Jered Weaver diagnosed with nerve tightness in neck

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After struggling to reach 80 miles per hour with his fastball Wednesday and then undergoing an MRI exam, Angels right-hander Jered Weaver has been diagnosed with what the team is calling nerve tightness in his neck.

Weaver showed a good sense of humor about the whole situation, telling Alden Gonzalez of MLB.com: “The third homer that I watched go out kind of hurt my neck a little bit.”

However, neither Weaver nor the Angels can feel very good about his consistently declining velocity and the lack of a clear-cut reason for his issues.

I just feel like it’s neck tension that is causing me to not be able to throw the ball like I want to. I guess it’s going to kind of help to get a professional doctor to go from there.

Gonzalez reports that Weaver plans to continue throwing and is on track to be ready for the season, but his next start should make the odds of that happening much clearer and there’s no timetable for that.

Weaver had career-worst numbers across the board last season, has lost velocity on an annual basis, and is in the final year of his contract with the Angels, so the 33-year-old three-time All-Star has a lot riding on this season.

Max Scherzer, with broken nose, strikes out 10 Phillies over seven shutout innings

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Nationals starter Max Scherzer bunted a ball into his face during batting practice on Tuesday, breaking his nose in the process. He ended up with a gnarly looking shiner around his right eye, making him appear a bit like Terminator. Scherzer still took the ball to start the second game of Wednesday night’s doubleheader against the Phillies.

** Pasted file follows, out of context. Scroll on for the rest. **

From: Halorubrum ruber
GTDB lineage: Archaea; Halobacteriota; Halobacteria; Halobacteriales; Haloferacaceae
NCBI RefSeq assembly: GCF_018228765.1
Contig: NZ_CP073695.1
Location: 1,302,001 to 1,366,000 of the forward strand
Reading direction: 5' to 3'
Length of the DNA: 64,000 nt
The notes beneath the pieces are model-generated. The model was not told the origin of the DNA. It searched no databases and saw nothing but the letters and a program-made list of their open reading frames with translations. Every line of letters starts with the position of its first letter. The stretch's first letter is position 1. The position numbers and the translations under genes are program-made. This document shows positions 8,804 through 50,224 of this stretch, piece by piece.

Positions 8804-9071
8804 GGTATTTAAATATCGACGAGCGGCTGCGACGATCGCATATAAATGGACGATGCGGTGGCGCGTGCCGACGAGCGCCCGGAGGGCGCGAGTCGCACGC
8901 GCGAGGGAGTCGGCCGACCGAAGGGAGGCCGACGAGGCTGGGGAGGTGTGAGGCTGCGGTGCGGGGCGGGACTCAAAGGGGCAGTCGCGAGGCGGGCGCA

Despite the injury, Scherzer was incredibly effective, limiting the Phillies to four hits and two walks across seven shutout innings, striking out 10 batters in the process. He might even have had some extra adrenaline going, as he averaged 96.2 MPH on his fastball, his highest average fastball velocity in a game since September 2012, per MLB.com’s Jamal Collier. The Nationals provided Scherzer with just one run of support, coming on a Brian Dozier solo home run off of Jake Arrieta in the second inning, but it was enough.

Wander Suero worked a scoreless top of the eighth with a pair of strikeouts. Victor Robles added a solo homer off of Pat Neshek in the bottom half. Closer Sean Doolittle took over in the ninth, working a 1-2-3 frame to give the Nats their 2-0 victory.

Over his last six starts, Scherzer now has a 0.88 ERA with a 59/8 K/BB ratio across 41 innings. He has gone six innings, struck out at least nine batters, and held the opposition to two or fewer runs in each of those six starts.